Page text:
If outgoing owners have given committed employees a broad knowledge of the industry and the functions of the business, then they have mentored the perfect buyer.

“If you have an employee who’s been there forever—who basically knows how to run the joint—why wouldn’t you look to that person as your first choice?” Vogel said. “It makes sense for everybody.”

Calm Your Vendors

Every owner we spoke to emphasized the need to keep vendors informed and confident that the business will succeed under new ownership. Prior to their purchase of Eastside Sports, Vogel and his wife and business partner, Chris Iversen, sent a joint letter to all their vendors informing them of the sale.

Sellers can help ease vendors’ nerves about a sale as well—effectively passing the torch of the business in the buyers’ eyes, which makes it easier for new owners to establish those critical relationships. Dave Baker spent his first day as the former owner of Summit Hut calling vendors on Davis’s behalf. “He made sure to let people know that he thought the sale was a really good thing, and he was behind it confident that we would be successful,” Davis said.

Watch the Details

Good lawyers and valuation professionals who understand both parties’ goals can help smooth over future questions, even after the transaction has taken place. When negotiating the Summit Hut transition, the Davises and Baker included everything they could think of in the contract—from the aforementioned store photos to the length of time Baker would receive a discount. “It can get very confusing and challenging when emotions and money are involved,” Davis said. “If you have it in writing, it takes ambiguity out of it.”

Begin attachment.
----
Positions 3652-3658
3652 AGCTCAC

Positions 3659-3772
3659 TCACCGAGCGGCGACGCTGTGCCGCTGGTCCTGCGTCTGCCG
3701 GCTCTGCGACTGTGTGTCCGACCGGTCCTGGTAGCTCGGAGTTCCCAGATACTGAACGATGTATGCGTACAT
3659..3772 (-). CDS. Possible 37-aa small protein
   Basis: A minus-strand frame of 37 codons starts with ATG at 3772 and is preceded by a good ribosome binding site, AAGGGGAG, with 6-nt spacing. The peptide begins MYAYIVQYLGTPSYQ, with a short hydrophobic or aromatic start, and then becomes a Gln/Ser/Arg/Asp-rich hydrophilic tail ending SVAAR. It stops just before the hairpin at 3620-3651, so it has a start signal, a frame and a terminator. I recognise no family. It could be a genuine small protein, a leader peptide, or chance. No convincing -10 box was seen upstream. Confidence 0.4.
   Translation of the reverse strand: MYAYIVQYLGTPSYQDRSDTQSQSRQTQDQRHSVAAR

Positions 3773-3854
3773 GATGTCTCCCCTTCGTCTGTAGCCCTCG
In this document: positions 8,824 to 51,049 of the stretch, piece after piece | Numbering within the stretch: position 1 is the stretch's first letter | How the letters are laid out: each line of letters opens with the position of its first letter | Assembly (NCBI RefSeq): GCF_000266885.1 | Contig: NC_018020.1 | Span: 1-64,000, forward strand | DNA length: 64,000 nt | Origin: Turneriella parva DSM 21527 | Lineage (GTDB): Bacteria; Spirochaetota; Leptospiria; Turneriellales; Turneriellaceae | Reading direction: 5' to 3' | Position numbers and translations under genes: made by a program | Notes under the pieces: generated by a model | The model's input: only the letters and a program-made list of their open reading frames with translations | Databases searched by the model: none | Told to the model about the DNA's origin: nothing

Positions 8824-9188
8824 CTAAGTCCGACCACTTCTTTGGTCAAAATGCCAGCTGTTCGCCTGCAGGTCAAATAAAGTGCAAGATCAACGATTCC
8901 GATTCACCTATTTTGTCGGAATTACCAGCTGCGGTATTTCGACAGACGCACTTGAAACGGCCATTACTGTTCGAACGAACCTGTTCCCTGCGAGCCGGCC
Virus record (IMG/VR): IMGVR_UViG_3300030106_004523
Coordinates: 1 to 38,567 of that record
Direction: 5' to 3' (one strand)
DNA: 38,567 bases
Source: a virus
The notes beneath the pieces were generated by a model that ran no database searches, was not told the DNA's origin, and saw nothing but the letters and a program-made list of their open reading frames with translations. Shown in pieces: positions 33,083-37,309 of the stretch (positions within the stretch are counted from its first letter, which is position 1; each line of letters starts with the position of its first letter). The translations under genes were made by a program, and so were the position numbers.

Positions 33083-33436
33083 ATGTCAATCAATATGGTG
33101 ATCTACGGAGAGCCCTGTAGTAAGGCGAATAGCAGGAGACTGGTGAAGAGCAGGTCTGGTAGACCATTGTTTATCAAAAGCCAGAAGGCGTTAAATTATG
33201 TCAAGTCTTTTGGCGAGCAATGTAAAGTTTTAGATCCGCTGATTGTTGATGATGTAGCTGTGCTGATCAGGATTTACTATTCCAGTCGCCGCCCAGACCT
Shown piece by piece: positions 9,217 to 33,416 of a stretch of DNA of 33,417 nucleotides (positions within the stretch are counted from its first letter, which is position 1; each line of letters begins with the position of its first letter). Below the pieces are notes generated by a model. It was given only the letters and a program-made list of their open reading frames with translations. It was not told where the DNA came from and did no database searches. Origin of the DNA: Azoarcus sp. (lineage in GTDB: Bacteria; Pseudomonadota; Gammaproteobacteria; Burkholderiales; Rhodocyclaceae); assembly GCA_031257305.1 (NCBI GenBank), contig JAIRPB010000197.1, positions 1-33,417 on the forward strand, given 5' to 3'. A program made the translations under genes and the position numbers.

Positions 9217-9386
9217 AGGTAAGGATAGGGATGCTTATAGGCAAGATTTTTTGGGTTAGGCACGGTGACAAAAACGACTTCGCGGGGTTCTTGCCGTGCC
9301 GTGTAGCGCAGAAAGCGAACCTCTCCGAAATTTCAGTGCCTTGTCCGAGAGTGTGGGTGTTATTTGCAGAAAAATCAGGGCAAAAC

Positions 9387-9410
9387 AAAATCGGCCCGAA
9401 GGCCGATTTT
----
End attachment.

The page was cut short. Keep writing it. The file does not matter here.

When Troncalli finally decided to sell the Columbus location of Outside World, his longtime manager Chris Largent was the obvious choice.

“We went to Chris and said, ‘We want to do this,'” Troncalli said. “‘We think you’re so valuable and you’ve given us years of your life so far; we want to give you the first opportunity to purchase it.'”

Troncalli and Largent paid close attention to the many details involved in ensuring the store succeeds after Troncalli’s exit, and it’s paying off. Largent started his ownership of Outside World Columbus with strong employee and vendor relationships, and Troncalli remains invested in Largent’s success among the Georgia outdoor community, even from afar.

The Davises celebrating ownership of Summit Hut at the ribbon-cutting ceremony. (Photo: Courtesy)

“It’s important that he’s successful,” Troncalli said. “Our industry’s a little different. There are so many little things you’ve got to know. If you don’t, you’re not going to make it.”

Chris Rooney is a freelance writer and rock climber based in Chicago, Illinois. This is his first story for OBJ.